Amanda Stops CEO South African Council of Shopping Centres (SACSC).
South African Council of Shopping Centres’ sponsored research has revealed that trading at shopping centres around the country increased, significantly in some instances, in 2015.
MSCI’s latest IPD Retail Trading Density Index for the quarter to 31 December 2015, compiled in collaboration with the SACSC, tracks the performance of shopping centres based on information gleaned directly from retail property owners and managers.
Released quarterly, this valuable retail research tool takes into account the entire spread of shopping centres, from the largest to the smallest – super-regional, regional, small-regional, community and neighbourhood shopping centres. The latest edition of the index tracked 94 shopping centres with a combined gross lettable area of just over 4million square meters.
SACSC CEO Amanda Stops reports that, for the year 2015, community centres outgrew other retail centre types by boosting trading density by 8.7 percent year-on-year.
This was followed by small-regional centres and regional shopping centres with trading density growth of 6.2 percent and 5.6 percent, respectively.
South Africa’s mega-malls, or super-regional shopping centres, notched up trading density growth of 4.9 percent year-on-year.
The country’s smallest categorised shopping centres, neighbourhood centres, on the other hand, lagged with the lowest trading density growing sales 2.4 percent in 2015. However, this increase still outstrips the country’s economic growth for the year of 1.3 percent.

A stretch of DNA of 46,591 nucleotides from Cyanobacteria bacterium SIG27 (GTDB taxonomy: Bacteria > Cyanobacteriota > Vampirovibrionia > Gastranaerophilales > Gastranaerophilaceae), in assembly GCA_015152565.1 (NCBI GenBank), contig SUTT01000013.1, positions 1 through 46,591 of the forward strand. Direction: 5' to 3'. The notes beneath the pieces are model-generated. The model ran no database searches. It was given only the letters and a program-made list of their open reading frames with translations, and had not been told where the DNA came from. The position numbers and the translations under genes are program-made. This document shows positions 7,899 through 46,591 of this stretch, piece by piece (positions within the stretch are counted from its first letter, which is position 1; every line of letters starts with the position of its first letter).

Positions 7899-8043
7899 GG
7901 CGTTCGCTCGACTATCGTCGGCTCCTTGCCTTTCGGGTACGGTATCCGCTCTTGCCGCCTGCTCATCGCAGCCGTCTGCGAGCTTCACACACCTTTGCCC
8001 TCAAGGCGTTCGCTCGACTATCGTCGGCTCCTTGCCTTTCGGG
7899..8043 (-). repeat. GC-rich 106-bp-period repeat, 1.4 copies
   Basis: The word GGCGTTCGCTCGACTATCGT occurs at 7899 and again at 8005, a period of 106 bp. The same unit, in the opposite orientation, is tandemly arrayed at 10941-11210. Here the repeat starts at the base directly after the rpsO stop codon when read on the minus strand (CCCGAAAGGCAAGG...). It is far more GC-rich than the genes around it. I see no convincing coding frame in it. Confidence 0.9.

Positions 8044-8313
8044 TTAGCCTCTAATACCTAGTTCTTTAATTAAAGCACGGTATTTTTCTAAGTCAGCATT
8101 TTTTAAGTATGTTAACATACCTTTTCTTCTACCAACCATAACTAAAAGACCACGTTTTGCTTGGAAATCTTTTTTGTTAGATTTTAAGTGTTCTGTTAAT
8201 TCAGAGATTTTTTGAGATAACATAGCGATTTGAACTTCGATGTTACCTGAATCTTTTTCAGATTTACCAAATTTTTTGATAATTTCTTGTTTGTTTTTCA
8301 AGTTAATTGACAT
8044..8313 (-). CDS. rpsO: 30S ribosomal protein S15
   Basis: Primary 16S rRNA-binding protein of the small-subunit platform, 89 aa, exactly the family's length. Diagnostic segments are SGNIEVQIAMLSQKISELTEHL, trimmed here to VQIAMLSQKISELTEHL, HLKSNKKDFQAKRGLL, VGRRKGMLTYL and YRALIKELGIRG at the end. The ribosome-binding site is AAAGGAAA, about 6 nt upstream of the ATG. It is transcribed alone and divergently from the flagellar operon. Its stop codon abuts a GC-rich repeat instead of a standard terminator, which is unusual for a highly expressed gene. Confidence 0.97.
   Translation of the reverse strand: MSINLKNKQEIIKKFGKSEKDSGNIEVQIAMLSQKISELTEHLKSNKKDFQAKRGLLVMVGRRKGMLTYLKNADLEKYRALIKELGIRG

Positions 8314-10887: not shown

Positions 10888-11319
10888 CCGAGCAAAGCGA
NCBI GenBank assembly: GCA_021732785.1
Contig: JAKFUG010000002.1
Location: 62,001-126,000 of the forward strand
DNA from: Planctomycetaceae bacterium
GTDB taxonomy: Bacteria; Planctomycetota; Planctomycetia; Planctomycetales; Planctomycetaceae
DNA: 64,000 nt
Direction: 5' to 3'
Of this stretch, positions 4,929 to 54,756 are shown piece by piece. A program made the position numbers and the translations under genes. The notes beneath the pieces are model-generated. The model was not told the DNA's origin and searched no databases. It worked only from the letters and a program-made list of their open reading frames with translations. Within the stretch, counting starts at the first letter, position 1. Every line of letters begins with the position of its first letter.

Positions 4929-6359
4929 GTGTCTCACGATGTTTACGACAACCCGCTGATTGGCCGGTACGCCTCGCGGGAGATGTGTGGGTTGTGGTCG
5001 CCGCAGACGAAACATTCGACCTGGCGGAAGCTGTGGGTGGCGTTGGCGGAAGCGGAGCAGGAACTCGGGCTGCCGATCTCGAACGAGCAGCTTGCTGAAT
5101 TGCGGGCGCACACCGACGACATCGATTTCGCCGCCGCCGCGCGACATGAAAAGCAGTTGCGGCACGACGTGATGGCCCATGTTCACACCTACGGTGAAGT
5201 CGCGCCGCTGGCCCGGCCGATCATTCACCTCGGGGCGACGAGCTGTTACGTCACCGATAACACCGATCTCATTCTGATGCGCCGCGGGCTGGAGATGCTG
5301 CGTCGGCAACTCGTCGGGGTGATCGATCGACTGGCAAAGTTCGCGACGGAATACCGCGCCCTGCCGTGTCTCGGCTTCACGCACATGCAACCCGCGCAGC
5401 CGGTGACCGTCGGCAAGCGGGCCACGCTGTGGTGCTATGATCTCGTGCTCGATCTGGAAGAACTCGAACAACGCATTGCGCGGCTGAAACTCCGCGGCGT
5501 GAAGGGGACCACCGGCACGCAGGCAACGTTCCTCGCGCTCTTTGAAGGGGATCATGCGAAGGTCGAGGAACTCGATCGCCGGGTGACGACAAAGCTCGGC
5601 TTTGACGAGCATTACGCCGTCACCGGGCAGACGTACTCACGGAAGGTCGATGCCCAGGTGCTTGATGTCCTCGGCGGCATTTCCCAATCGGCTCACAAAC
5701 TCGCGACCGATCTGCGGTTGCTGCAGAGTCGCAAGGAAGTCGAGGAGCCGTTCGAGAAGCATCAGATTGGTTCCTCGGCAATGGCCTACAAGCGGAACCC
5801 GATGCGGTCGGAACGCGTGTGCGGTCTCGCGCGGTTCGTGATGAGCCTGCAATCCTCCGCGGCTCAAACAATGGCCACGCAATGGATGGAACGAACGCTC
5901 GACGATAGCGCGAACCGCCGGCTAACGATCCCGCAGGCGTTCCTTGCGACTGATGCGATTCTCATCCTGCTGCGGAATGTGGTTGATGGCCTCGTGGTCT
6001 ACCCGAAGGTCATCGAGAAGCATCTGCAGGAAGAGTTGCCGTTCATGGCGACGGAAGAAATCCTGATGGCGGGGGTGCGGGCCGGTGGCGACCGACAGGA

“Community centres achieved the highest average Rand spend per square metre of retail space a month in fourth quarter of 2015 for food and department stores,” reveals Stops. The food index includes grocers, liquor stores, sweets and speciality food stores. The department stores category includes shops of this kind of sizes, including mini and junior department stores.
“At the same time, we can see that community centres performed a close second place for food services, after super-regional malls,” says Stops. Food services include restaurants, coffee shops and fast-food outlets.
Super-regional shopping centres came tops in three of the five retail trading categories measured in the research. Besides food services, they also achieved the highest trading density for apparel trading, comprising womenswear, menswear, childrenswear, unisex wear and accessories. Home décor stores, including retailers focused on furnishings, antiques, art and décor, also achieved the highest trading densities in super-regional shopping centres.
Stops says: “MSCI’s IPD Retail Trading Density Index allows us to track and monitor the performance of shopping centres and their retailers in South Africa. It is valued as an important tool, considering the impact of varying social and economic factors affecting the retail sector.”
Phil Barttram, Executive Director –MSCI, comments: “The IPD Retail Trading Density Index provides a unique perspective for mall owners to monitor and adapt to evolving trends. Increased competition and changing consumer behaviour is already beginning to reflect in mall performance. As a result we see an increasing need for malls to differentiate themselves and clearly communicate their role within their catchment areas.”